PHILADELPHIA – A Philadelphia federal judge has granted a motion from IDT Energy to stay a pending class action lawsuit against it while also setting aside its motion to dismiss the case.
In March 2014, plaintiff Anthony Ferrare, a resident of Erie County, brought class action litigation against IDT, which provides electricity to Pennsylvania customers.
Ferrare, a former IDT customer, alleges IDT “breached its contracts with its customers and the covenant of good faith and fair dealing implicit in those contracts.”
Through his lawsuit, Ferrare alleges IDT coaxed energy consumers to switch from the local utility or from other energy suppliers to IDT by promising competitive, market-based rates and savings on electric energy bills.
IDT offered new customers a “teaser” rate, and promised after that initial rate expired, IDT would replace it with a “market-competitive variable rate.”
Despite this promise, IDT allegedly raised customers’ rates to above-market prices, two to four times higher than before they switched to IDT.
Ferrare enrolled as an IDT electricity customer in August 2013 and alleges from September 2013 until March 2014, IDT overcharged him by hundreds of dollars above the local utility’s rate for electricity.
Ferrare brought suit on behalf of himself and potential Pennsylvania class members.
Ferrare levied two claims against IDT related to its pricing practices - breach of contract and breach of the covenant of good faith and fair dealing.
The Public Utilities Commission is the state regulatory body with authority over EGS agencies. The Pennsylvania Public Utility Code authorizes the PUC to regulate certain aspects of EGS operations.
On June 20, the Pennsylvania Office of Attorney General and the Pennsylvania Office of Consumer Advocate began legal proceedings against IDT before the PUC. The PUC complaint relates to the IDT pricing practices implicated in Ferrare’s lawsuit.
In a December order, the PUC also determined that it has “authority to direct an EGS to issue a credit or refund for an overbill, because of having the authority to order EGS billing adjustments, including refunds, under the appropriate circumstances, helps ensure that EGSs comply with the Commission’s Regulations and bill customers in accordance with their disclosure statement—a fundamental consumer protection.”
PUC further clarified that it lacks “subject matter jurisdiction to interpret the terms and conditions of a contract between an EGS and a customer to determine whether a breach of the contract has occurred.”
Judge Anita B. Brody of the U.S. District Court for the Eastern District of Pennsylvania said a four-factor test would determine primary jurisdiction: “(1) Whether the question at issue is within the conventional experience of judges or whether it involves technical or policy considerations within the agency’s particular field of expertise; (2) Whether the question at issue is particularly within the agency’s discretion; (3) Whether there exists a substantial danger of inconsistent rulings; and (4) Whether a prior application to the agency has been made.”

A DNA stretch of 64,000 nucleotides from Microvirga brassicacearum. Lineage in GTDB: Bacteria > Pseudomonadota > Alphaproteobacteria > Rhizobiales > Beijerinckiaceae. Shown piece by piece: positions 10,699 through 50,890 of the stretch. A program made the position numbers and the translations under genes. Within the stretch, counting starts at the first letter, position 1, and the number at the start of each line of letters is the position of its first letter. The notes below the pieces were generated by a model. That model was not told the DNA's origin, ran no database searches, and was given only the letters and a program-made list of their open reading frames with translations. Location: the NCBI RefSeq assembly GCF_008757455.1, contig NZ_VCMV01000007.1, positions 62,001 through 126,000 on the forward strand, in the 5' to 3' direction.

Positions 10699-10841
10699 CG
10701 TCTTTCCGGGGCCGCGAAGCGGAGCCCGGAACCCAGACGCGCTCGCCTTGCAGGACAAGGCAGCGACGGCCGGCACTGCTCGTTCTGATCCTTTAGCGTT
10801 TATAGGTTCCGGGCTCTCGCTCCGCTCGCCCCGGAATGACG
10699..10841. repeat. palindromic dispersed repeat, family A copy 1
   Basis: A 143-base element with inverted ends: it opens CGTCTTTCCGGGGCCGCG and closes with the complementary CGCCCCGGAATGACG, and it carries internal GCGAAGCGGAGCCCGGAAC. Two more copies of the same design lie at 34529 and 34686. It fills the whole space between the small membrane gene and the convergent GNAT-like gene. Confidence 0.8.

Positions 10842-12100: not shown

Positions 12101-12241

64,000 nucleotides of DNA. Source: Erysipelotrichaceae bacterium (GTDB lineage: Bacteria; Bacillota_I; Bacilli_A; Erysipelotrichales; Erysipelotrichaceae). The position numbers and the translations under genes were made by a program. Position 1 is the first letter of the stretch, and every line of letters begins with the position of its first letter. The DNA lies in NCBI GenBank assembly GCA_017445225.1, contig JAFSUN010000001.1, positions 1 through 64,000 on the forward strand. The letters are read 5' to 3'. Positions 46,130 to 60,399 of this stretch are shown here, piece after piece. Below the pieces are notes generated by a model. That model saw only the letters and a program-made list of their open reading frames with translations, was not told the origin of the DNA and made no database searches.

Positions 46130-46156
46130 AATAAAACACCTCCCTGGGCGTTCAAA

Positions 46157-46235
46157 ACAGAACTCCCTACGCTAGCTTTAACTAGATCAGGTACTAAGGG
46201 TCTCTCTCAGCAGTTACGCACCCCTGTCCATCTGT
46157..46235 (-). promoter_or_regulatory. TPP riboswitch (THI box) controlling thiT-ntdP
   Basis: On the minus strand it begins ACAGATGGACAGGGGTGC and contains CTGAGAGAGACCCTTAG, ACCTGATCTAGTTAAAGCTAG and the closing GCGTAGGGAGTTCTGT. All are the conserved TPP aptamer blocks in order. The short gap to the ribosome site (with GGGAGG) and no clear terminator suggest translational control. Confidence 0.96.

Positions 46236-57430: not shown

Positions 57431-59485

In the first factor, though Ferrare argued the Court had the jurisdiction to handle what he termed as a mere “breach of contract” claim, Brody disagreed.
“The PUC has the technical expertise to evaluate how IDT calculated the electricity prices it charged customers and whether IDT’s method complied with its Disclosure Statement as the regulations require,” Brody said.
For the second factor, Brody said the PUC, “as the administrative agency authorized to develop and enforce the regulatory framework for EGSs, the PUC has the discretion to evaluate IDT’s compliance with its regulations.”
As to the third factor, Brody cautioned against leaving open the possibility for inconsistent rulings.
“The PUC Proceeding is pending; the next hearing is scheduled for September 2015. If this Court denies IDT’s Motion to Stay and the lawsuit proceeds, there is a risk of inconsistent rulings because eventually, the Court (or a jury) is likely to rule on the same issue in evaluating Ferrare’s claims. Any court or jury determination of this question could conflict with a PUC ruling on the same issue,” Brody said.
For the fourth factor, whether application to the agency has been made, Ferrare acknowledged a prior application had been made in June of last year. Brody explained because the PUC Proceeding is currently pending, that component weighs in favor of applying the doctrine of primary jurisdiction.
“For these reasons, I will grant IDT’s motion to stay and deny its motion to dismiss without prejudice. This action will be stayed until the PUC decides whether IDT charged prices consistent with its Disclosure Statement, and if there were any overcharges, whether refunds are necessary,” Brody said.
The plaintiff is seeking “all actual, general, special, incidental, statutory, treble, punitive and consequential damages” to which all plaintiffs and class are entitled, pre-judgment and post-judgment interest, injunctive relief plus any other relief the Court deems proper in this case.
The plaintiff is represented by Jonathan Shub of Kohn Swift & Graf; Troy M. Frederick of Marcus & Mack, all in Philadelphia.
The defendant is represented by Marc A. Goldich, Thomas L. Allen and Henry F. Reichner of Reed Smith, in both Philadelphia and Pittsburgh.
U.S. District Court for the Eastern District of Pennsylvania case 2:14-cv-04658
From the Pennsylvania Record: Reach Courts Reporter Nicholas Malfitano at firstname.lastname@example.org